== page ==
• After Thuingaleng Muivah who ?
  • Paddy dry up due to deficit rainfall
  • Lamyanba Irabot- March Past #2: Gallery
  • Binalakshmi Nepram : RAW in WAR Award
  • Agribusiness & Carbon Management : Book
  • Is Gandhi (ian) relevant today ?
  • Guidelines for Hostels for Children
  • ATM based frauds : Router compromise
  • 'Rio's announcement as just mockery'
  • Training Program on Mushroom Cultivation
  • 'Chadong' - the victim of development
  • Poles apart : Pandey and Singh
  • Manipuri Diaspora in Myanmar #2
  • Why has Egg become Danger for Manipur?
  • Speech by Atif Anik on Irabot Day 2018
  • Wounded tree :: Poem
  • Hair stylist as career option
  • Synopsis of Sizo Festival 2018
  • Traffic regulation still a Flop show
  • In the evening of his life : Th Muivah
  • Langban Heitha Leithaba : Gallery
  • World Bamboo Day #2: Gallery
  • Where have all the lights gone ?
  • Mahatma and non-violence
  • Detention of students/professors of MU
  • Gandhi Jayenti at Itanagar
  • IBSD cleans Imphal City
  • MU: Abide by wisdom of Sr citizens
  • Naga Peace Process :: News Timeline
  • Power of humility
  • Ghost of Pandey : Four teachers suspended
  • Lamyanba Irabot- March Past #1: Gallery
  • October Calendar for Year 2018 :: Tools
  • Looking at Loktak from perspectives #1
  • Morning - a Haiku :: Poem
  • R&V Art House curates 'Land of Polo'
  • Show for football fans at NEUFC Fan Park
  • Indigenous People: Stand against Fascist
  • Clarification on Tamei Residential School
  • Organic Farming Tour to Sikkim
  • System error- or is this real democracy
  • Autonomy for Naga- Stakeholders on board
  • Th. Muivah hospitalized
  • Lamyanba Irabot- Floral Tribute #1: Gallery
  • Choidev Chongba @Kang Fest : Gallery
  • A Road Trip to Myanmar #1
  • The day after Sahnit-Ni
  • Cry of a Dying River - 47 :: Poem
  • Observation of World Alzheimer's Day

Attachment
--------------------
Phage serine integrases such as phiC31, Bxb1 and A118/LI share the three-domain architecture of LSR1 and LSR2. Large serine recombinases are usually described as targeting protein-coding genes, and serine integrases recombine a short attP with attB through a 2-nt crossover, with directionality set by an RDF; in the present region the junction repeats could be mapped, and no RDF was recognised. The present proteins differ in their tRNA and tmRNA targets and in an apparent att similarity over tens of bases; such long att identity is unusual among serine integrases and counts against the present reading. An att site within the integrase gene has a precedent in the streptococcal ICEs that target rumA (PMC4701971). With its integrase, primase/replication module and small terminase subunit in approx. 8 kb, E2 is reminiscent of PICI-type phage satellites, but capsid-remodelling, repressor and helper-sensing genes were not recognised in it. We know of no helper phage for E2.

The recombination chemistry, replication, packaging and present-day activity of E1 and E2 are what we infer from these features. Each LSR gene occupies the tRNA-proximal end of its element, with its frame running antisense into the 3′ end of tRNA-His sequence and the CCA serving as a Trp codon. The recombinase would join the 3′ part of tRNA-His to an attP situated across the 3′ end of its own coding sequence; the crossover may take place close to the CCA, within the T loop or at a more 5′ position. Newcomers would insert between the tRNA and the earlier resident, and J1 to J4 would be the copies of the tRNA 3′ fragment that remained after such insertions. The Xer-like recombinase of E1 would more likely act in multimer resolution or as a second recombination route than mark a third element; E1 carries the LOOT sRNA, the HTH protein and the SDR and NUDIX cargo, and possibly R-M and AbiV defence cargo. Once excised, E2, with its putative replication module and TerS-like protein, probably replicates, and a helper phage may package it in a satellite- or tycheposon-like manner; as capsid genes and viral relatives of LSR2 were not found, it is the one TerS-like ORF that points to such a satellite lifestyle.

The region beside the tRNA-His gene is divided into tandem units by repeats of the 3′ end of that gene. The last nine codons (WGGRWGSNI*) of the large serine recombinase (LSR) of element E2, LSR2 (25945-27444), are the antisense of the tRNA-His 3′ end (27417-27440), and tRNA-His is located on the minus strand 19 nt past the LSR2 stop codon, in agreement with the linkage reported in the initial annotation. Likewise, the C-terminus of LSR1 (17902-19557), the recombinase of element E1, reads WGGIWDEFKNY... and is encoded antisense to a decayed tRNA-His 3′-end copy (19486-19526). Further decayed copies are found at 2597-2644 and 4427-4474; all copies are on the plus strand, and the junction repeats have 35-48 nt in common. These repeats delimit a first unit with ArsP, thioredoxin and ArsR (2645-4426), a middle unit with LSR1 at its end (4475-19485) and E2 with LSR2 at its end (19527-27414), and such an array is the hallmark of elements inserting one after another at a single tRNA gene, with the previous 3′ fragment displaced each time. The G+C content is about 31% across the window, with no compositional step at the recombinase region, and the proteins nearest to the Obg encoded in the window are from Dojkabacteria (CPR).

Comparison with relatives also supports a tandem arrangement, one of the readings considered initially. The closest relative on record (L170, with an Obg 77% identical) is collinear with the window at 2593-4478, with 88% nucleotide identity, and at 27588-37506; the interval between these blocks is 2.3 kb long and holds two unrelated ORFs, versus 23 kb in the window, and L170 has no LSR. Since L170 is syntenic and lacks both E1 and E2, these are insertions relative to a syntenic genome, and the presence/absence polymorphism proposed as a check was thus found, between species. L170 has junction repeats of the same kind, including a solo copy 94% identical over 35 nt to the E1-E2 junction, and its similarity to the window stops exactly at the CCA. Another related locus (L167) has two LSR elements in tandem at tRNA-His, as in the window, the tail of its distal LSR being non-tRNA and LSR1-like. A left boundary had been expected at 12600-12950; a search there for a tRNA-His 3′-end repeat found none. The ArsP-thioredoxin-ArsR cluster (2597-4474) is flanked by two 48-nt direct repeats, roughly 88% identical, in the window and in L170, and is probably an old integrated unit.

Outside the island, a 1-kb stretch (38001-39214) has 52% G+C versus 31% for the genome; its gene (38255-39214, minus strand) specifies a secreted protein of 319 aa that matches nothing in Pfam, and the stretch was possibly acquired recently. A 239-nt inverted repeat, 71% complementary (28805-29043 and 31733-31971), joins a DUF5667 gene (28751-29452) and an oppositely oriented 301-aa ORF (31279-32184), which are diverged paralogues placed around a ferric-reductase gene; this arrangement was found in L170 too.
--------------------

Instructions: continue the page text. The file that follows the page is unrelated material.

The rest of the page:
• Benefits of almond oil for the hair
  • NEUFC Fan to host musical performances
  • ..but Irabot may still shed tears in heaven
  • Heikru Hidongba #2 : Gallery
  • Lamyanba Hijam Irabot :: Read all about
  • Tingmila Doungel : Manipuri Boxer
  • Tarpon: Annual offerings to dead by living
  • Manipur: Past & Present (Vol.2) :: Book
  • Genesis of Naga-Kuki clash in early nineties
  • 9th Children's Cultural Meet 2018
  • Parakram Diwas : 2nd Anniversary
  • International Visitors Leadership Program
  • He calls state Govt as unrecognized..
  • Tough stand of Govt noted
  • Historical Evaluation of Puya Meithaba #3
  • MU: General Srtike [27 Sep] #2 :: Gallery
  • Tribute to Oja Nandiram with 'In Memoriam'
  • The resurgence of Hijam Irabot
  • Love for post of MU vice-chancellor
  • Condemns arrests of MU student/teachers
  • Spot Enquiry by MCPCR Team
  • Seriousness with sincerity matters
  • 48 hours bandh on, then what ?
  • MU: General Srtike [27 Sep] #1 :: Gallery
  • Hijam Irabot - Our 'Icon of Revolution'
  • Food preparation among Zeliangrong
  • Is it the final countdown to #endTB?
  • Let's give time a chance :: Poem
  • If Buddhism Is Not A Religion Or Philosophy
  • Using false identity to mislead
  • In response to CM's appeal
  • CM's call against bandh
  • MU: Hunger Strike[25 Sep] :: Gallery
  • Irabot's letter to Assembly :: 18 Oct 1948
  • SC Case on Killings Must be Complied
  • How we lost internal autonomy: Mountbatten
  • The flute player :: Poem
  • Biodiversity for Everyone's Life : Video
  • DU protest against attack on MU Community
  • Unfolding dirtiest of the dirty game
  • Net down since September 21
  • MU: Students protest[25 Sep] :: Gallery
  • Art Exhibition by R & V Art House
  • My name is Kom, Mary Kom - II
  • Electrology as career option
  • When Autumn Came :: Poem
  • Against 48 hrs bandh: Thadou Students
  • Leadership / Media seminar at Dimapur
  • Demise of a dream
  • Traffic menace: Ring road, flyover promise
  • Ringui Village, Ukhrul :: Gallery: Gallery
  • Front Page Photo 2018 #4: Gallery
  • Autonomy on a leash
  • Manipur: Past & Present (Vol.1) :: Book
  • World Bamboo Day #1: Gallery
  • 45th AMWJU Foundation day : Gallery
  • Lai Lik Lei & their debut "Esei"
  • Tuilha Kol waterfall #2: Gallery
  • Eyek Tamba :: Learn Manipuri script
  • Rally against Mob Lynching #2: Gallery
  • Krishna Janma @Mahabali #2 : Gallery
  • Felicitation of Sportsperson: Gallery
  • Martyrdom of Haipou Jadonang #3: Gallery
  • Kuki Black Day @CCpur : Gallery
  • Sit-In: Naga Peace Talk #2 : Gallery
  • Inner Line Permit (ILP) Demand :: Timeline
  • Jangou Rah : eRang Classic
  • Manglandasu Nang - OST :: e-pao Radio
  • Old Manipuri Movie #1 :: eRang Classic
  • SPONSORED ADS